Title of Research Output

Quantitative Analysis of Musical Texture

Faculty

Don Wright Faculty of Music

Supervisor Name

Dr. Jonathan De Souza

Keywords

musical texture, onset synchrony, pitch comodulation, Bach, Mozart, Haydn, Beethoven, complexity theory, complex adaptive systems, sonata form

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Description

Musical texture analysis can often be difficult as a piece’s texture can contain various elements of the four main textural categories: monophony, polyphony, homophony, and heterophony. The variables that separate these categories are the number of musical streams present in the music, and the functions of each of these streams. The music theorist David Huron states that the primary parameters that affect our ability to differentiate musical streams are onset synchrony and pitch comodulation. With the creation of a code that utilizes Python and music21, we are able to analyze onset synchrony and pitch comodulation levels within music. The code is applicable to any music that can be transcribed into Western classical music notation. Gathering onset synchrony and pitch comodulation data demonstrates the extent of which a work aligns with certain textural categories. This video also outlines several applications for this type of quantitative musical texture analysis. Looking at 60 works from Johann Sebastian Bach, we investigate how Bach varies his textural practices based on the genre and the intended function of the piece. Studies of classical string quartets from Ludwig van Beethoven, Joseph Haydn, and Wolfgang Amadeus Mozart reveal that texture significantly interacts with the large sections of sonata form. With multiple possibilities for future projects using this method of quantitative analysis, we will eventually attempt to relate large ensemble compositions to social network theory. As a result, we will be able to observe texture through the lens of complexity theory and complex adaptive systems.

Acknowledgements

I would like to thank Dr. De Souza for his constant support and inclusion on this project. I enjoyed our long conversations about music theory, the effects of colonialism on academia and music, and education. He consistently pushed me forward and because of this, he has given me skills that I believe will stay with me throughout the rest of my career. As someone who hopes to continue their academic career at the institutional level, I am grateful to call him a mentor.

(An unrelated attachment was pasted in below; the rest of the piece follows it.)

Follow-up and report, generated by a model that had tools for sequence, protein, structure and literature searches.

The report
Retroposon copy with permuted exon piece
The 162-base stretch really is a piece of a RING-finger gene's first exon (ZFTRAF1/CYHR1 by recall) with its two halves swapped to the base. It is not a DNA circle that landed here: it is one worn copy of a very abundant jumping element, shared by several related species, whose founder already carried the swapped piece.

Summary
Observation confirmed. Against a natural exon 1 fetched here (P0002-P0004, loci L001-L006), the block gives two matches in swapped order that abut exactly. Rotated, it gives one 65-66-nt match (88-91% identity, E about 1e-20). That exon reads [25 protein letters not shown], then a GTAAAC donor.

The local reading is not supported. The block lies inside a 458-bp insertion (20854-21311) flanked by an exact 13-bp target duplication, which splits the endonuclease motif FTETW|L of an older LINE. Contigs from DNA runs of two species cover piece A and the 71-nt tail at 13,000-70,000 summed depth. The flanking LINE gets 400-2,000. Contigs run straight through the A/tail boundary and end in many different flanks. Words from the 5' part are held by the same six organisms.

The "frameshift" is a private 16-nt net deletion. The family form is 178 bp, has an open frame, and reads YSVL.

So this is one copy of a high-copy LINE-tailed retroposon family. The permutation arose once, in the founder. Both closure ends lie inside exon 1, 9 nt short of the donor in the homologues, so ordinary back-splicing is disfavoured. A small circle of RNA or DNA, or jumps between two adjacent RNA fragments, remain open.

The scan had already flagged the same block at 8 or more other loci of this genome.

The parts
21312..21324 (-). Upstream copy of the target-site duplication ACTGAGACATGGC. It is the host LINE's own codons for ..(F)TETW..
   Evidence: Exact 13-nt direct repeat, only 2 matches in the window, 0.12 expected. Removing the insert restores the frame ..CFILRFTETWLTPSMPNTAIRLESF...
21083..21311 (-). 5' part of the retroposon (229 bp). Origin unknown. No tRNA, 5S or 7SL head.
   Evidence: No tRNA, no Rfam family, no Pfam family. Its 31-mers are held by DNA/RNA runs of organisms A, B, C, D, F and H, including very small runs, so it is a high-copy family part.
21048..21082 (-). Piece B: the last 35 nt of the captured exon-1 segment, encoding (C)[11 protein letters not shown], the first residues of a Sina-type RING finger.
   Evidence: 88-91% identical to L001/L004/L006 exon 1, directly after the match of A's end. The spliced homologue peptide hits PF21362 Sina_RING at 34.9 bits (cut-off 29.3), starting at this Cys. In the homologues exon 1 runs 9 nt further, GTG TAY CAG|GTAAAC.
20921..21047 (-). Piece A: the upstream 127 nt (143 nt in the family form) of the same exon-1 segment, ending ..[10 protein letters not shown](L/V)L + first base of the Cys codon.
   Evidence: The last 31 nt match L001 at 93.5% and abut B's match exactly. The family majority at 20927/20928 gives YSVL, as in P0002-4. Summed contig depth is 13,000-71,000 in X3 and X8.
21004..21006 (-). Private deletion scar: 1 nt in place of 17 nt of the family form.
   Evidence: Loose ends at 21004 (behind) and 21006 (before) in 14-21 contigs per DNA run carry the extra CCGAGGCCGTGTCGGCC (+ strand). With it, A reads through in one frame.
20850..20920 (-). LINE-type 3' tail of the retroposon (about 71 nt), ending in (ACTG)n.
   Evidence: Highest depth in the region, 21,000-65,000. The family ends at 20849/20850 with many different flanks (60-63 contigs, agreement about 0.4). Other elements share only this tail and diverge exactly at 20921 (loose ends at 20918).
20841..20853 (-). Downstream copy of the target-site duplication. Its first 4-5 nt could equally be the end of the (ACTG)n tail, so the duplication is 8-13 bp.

Creative Commons License

Creative Commons Attribution 4.0 License
This work is licensed under a Creative Commons Attribution 4.0 License.

Document Type

Video

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Quantitative Analysis of Musical Texture

Musical texture analysis can often be difficult as a piece’s texture can contain various elements of the four main textural categories: monophony, polyphony, homophony, and heterophony. The variables that separate these categories are the number of musical streams present in the music, and the functions of each of these streams. The music theorist David Huron states that the primary parameters that affect our ability to differentiate musical streams are onset synchrony and pitch comodulation. With the creation of a code that utilizes Python and music21, we are able to analyze onset synchrony and pitch comodulation levels within music. The code is applicable to any music that can be transcribed into Western classical music notation. Gathering onset synchrony and pitch comodulation data demonstrates the extent of which a work aligns with certain textural categories. This video also outlines several applications for this type of quantitative musical texture analysis. Looking at 60 works from Johann Sebastian Bach, we investigate how Bach varies his textural practices based on the genre and the intended function of the piece. Studies of classical string quartets from Ludwig van Beethoven, Joseph Haydn, and Wolfgang Amadeus Mozart reveal that texture significantly interacts with the large sections of sonata form. With multiple possibilities for future projects using this method of quantitative analysis, we will eventually attempt to relate large ensemble compositions to social network theory. As a result, we will be able to observe texture through the lens of complexity theory and complex adaptive systems.